Benefits of using the CPCE Allows Masters program comprehensive exam to better meet psychometric standards.

    Gives program an objective view of the knowledge level of students.

    Allows program to examine student functioning in various curriculum areas.

    Promotes longitudinal self study.

    Compares program results to national data.

    Stimulates student integration of knowledge learned in separate courses.

    Gives students comparative strength/weakness feedback. Development of the CPCE The CPCE is researched, developed, and distributed by both the Research and Assessment Corporation for Counseling (RACC) and the Center for Credentialing and Education (CCE), two affiliate corporations of the National Board for Certified Counselors (NBCC). The item writing committee was selected from masters and doctoral level professionals. The committee compiled a comprehensive listing of texts used in counselor education programs. Each question was developed based on information found in the most commonly used textbooks.

  • 9

    Content of the CPCE The CPCE will cover the eight Council for Accreditation of Counseling and Related Educational Programs (CACREP) common-core areas as defined by their Standards for Preparation and listed below. These eight core areas serve as the primary theoretical basis for the examination. It is through these areas that the CPCE is associated with accepted professional standards.

    1. Human growth and development studies that provide an understanding of the nature and needs of individuals at all developmental levels.

    2. Social and cultural foundations studies that provide an understanding of issues and trends in a multicultural and diverse society.

    3. Helping relationships studies that provide an understanding of counseling and consultation processes.

    4. Group work studies that provide an understanding of group development, dynamics, counseling theories, group counseling methods and skills, and other group work approaches.

    5. Career and lifestyle development studies that provide an understanding of career development and related life factors.

    6. Appraisal studies that provide an understanding of individual and group approaches to assessment and evaluation.

    7. Research and program evaluation studies that provide an understanding of types of research methods, basic statistics, and ethical and legal considerations in research.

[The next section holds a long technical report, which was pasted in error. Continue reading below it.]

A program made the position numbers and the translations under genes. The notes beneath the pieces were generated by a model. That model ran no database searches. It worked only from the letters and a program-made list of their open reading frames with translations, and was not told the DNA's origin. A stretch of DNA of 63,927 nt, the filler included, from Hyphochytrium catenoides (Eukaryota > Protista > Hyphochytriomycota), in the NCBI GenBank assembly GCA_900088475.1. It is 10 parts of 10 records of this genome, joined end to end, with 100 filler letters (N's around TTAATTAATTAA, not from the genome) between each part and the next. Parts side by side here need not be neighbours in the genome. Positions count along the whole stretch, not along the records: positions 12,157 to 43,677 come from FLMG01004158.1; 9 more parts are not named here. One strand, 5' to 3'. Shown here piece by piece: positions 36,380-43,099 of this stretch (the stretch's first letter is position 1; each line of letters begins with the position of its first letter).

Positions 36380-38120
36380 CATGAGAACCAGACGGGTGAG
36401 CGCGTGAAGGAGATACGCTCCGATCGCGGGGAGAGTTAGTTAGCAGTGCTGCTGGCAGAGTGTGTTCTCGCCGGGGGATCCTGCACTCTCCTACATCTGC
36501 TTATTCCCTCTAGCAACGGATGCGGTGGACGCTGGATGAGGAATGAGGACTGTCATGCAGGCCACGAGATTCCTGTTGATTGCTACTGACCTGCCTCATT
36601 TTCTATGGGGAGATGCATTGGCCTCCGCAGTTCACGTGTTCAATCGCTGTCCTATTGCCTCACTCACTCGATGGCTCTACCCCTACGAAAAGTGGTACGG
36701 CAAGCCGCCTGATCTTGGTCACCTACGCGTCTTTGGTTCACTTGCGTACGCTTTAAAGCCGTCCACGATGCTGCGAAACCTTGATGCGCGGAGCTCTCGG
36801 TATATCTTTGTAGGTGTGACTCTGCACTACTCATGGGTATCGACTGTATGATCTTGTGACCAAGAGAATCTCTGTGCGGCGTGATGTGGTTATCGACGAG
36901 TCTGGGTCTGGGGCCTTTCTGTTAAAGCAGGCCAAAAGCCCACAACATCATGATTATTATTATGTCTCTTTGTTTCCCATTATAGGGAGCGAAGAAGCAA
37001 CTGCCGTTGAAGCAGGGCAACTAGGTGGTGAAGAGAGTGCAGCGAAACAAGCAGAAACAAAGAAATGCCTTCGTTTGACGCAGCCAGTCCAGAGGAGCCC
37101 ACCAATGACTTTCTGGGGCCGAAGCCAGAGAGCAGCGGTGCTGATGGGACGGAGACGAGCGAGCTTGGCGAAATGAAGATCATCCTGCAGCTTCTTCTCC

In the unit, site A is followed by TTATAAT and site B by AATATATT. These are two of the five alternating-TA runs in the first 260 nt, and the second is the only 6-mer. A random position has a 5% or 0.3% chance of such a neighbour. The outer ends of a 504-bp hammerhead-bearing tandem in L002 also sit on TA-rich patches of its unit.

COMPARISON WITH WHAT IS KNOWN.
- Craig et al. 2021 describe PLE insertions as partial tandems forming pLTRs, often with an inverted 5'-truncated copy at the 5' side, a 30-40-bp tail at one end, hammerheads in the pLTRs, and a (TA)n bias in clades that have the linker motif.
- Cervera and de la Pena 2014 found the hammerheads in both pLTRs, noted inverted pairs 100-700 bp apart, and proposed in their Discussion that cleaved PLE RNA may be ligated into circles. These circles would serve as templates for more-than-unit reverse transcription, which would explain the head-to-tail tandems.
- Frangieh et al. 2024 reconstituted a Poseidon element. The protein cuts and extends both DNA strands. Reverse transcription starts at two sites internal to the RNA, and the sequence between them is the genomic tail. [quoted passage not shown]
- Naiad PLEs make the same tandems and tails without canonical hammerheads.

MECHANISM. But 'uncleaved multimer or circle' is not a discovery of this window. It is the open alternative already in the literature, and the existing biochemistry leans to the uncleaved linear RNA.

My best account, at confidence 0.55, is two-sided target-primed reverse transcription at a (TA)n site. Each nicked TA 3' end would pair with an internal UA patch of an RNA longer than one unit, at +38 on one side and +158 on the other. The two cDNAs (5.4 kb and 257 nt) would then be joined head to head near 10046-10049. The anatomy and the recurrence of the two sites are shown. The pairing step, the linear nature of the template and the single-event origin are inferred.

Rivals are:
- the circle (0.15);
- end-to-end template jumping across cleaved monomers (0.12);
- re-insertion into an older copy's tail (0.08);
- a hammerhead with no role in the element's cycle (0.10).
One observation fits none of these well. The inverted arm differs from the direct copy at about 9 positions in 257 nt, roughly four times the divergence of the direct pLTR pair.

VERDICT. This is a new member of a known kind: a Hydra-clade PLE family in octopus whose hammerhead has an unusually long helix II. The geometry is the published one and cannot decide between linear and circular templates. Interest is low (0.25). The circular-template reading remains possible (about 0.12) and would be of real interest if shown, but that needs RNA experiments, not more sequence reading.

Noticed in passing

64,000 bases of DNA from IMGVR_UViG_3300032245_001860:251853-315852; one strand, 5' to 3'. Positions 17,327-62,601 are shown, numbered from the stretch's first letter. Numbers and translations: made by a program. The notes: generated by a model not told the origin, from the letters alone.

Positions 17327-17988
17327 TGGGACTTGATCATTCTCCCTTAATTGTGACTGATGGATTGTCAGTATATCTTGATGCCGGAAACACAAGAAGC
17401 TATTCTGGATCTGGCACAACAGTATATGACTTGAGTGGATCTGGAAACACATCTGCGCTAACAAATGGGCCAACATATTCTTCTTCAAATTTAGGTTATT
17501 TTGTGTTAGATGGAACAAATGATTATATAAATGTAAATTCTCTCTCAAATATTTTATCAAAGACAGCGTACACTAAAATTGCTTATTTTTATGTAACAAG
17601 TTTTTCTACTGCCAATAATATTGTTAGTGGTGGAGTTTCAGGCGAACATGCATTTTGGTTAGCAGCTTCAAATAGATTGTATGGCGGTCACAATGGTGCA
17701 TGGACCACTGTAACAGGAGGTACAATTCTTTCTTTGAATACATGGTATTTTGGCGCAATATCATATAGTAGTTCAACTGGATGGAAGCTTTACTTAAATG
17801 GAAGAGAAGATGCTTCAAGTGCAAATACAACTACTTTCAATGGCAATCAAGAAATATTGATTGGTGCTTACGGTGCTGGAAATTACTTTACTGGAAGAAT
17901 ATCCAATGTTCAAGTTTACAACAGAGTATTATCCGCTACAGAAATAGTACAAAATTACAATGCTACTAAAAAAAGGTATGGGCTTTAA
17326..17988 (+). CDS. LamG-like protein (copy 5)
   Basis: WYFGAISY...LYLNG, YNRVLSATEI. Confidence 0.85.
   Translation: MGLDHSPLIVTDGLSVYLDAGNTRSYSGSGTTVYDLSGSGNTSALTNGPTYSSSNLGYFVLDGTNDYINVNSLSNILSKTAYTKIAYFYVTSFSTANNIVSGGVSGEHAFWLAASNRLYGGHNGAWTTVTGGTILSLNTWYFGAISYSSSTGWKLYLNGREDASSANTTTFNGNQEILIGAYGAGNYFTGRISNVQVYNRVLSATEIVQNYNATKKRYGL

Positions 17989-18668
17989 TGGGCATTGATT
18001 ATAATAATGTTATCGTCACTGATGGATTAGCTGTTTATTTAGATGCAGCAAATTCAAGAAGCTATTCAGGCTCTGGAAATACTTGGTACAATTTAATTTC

8. Professional orientation and ethics studies that provide an understanding of all aspects of professional functioning including history, roles, organizational structures, ethics, standards, and credentialing.

    Format of the CPCE The CPCE consists of 160 items with 20 items per CACREP area. Of the 20 items per section, 17 will be scored; the remaining three will be pretest items that are not identified to the student. The purpose of imbedded pre-testing is to generate actual score performance data on items. This allows CCE to select items for future test construction that have the most desirable psychometric attributes. Scores for each section and a total score will be reported for each student. The CCE will provide statistics on the programs students as well as national data. Each institution is responsible for determining a minimum criterion score for their students. A demographic questionnaire will be included on the answer sheet for research purposes. Students are allowed four hours to complete the examination. After each examination, upon obtaining the results from the CPCE office, we will contact students by mail of their grade results. Results will be sent approximately 3 weeks after the test administration. Students who fail the exam may take sub-tests of the section(s) not passed.

  • 10

    What CMHC Students Need to Know About the NCE Although taking and passing the NCE is not part of the Clinical Mental Health Counseling programs requirements, satisfactory performance on the National Counselor Examination (NCE) is one of the criteria used by the National Board for Certified Counselors to identify professionals who may be eligible to become a National Certified Counselor (NCC). It is also used for state licensure as a Professional Counselor in Connecticut.

    Eligibility and registration for the NCE You can take the NCE, but we do not recommend that you take this exam until after you have completed the CPCE and received feedback on your performance.

    Content of the CPCE The purpose of the NCE is to assess knowledge, skills, and abilities viewed as important for providing effective counseling services. The NCE is designed to be general in nature. It is intended to assess cognitive knowledge which should be known by all counselors regardless of their individual professional specialties.

    Although different questions are used for each administration of the examination, the following eight content areas are always covered:

    1. Human Growth and Development 2. Social and Cultural Foundations 3. Helping Relationships 4. Group Work 5. Career and Lifestyle Development 6. Appraisal 7. Research and Program Evaluation 8. Professional Orientation & Ethics

    In addition, the NCE is based on the following five work behaviors:

    1. Fundamentals of Counseling 2. Assessment and Career Counseling 3. Group Counseling 4. Programmatic and Clinical Intervention 5. Professional Practice Issues

  • 11